One of those intrigued by the music of the Carter Family and what knowledge on the musical trio could be obtained was former British Prime Minister Margaret Thatcher, whose meeting with Jeanette Carter inside a mansion near London was a priceless encounter a few years ago, according to Forrester.

"We were over there for a conference being held on the Carter Family, and we were inside the home of the U.S. ambassador for a reception,'' she said.

"I am just walking around, admiring the beautiful architecture of this mansion, when someone comes running up to me and says ‘Rita, you've got to see this.' I could see that the prime minister was approaching my mom.

"As I came closer, I could hear Ms. Thatcher giving my mother a proper introduction, and then my mom said ‘Well, honey, how are you?' That was just how my mom was. She was simple and was honored to meet anyone, and yes, you were ‘honey' no matter who you were.''

Jeanette Carter operated the Fold with care and kindness, but that could all change with just one pull of the coattail.

"There was a criteria, and there will always be a criteria for performing at the Fold that my mom maintained - you play acoustic, you play the music that the Fold is accustomed to, and you better have a gospel number among the songs in your set,'' said Forrester.

"It didn't happen often, but a band played a few songs, and they may have forgot something to dance to or a gospel song, or something was in the wrong key. She would jerk on your coattail, and you would have to have a word with her,'' Forrester continued.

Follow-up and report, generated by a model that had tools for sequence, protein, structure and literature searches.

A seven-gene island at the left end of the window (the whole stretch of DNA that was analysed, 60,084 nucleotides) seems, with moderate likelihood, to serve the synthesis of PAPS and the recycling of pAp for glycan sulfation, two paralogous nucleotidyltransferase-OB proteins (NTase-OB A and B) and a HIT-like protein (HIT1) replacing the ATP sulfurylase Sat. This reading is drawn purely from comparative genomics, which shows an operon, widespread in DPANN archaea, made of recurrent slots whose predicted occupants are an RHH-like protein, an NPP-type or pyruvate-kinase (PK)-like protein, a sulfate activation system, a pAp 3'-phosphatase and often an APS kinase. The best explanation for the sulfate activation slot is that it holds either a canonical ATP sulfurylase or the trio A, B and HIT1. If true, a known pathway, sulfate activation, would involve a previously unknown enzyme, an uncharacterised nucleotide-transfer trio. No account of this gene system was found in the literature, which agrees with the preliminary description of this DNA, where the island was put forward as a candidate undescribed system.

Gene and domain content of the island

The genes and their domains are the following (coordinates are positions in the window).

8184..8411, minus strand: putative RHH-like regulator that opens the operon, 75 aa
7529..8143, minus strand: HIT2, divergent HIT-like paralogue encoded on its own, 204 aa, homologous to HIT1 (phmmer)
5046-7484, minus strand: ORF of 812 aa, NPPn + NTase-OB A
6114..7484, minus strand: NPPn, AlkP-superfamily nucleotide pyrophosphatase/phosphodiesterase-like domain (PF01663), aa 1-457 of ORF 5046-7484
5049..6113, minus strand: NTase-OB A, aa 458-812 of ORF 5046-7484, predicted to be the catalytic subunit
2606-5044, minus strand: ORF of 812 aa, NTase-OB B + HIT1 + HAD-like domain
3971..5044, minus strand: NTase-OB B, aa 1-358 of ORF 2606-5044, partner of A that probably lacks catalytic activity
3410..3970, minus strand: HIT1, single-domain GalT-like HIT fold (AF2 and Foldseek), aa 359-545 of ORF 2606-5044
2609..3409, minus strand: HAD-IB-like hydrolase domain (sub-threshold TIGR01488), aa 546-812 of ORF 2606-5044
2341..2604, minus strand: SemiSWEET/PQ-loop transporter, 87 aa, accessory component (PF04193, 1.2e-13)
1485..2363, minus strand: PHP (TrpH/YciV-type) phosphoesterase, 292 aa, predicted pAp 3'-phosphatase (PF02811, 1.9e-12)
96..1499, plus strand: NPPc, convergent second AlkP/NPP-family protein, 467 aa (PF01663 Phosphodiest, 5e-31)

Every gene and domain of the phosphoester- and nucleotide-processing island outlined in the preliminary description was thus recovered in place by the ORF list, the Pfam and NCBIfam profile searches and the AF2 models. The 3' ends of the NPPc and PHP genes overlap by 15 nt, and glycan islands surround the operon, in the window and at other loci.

"If somebody out in the crowd got unruly, she would escort them out. She did not tolerate drinking or foul language. I've seen her go out and separate people who were dancing too close. She had things her way.''

The year 2005 was a memorable one for Carter, who received many accolades for her preservation work.

Last February, she attended a ceremony held prior to the 47th annual Grammy Awards in Los Angeles to accept a Lifetime Achievement Award presented to The Carter Family posthumously.

In June, she joined the likes of renowned blues guitarist B.B. King and bluegrass legend Bill Monroe when she received the Bess Lomax Hawes Award by the National Endowment for the Arts.

Carter received another special but somber recognition that will be recorded forever in the annals of Virginia history, as Delegate Terry Kilgore, R-Gate City, made a motion to adjourn Monday's session of the House of Delegates in honor of the Carter Fold founder.

"I was very fortunate to have known Janette Carter; this special lady dedicated her life to music, and to the Carter Family Fold in Hiltons, Virginia," Kilgore said in a written statement.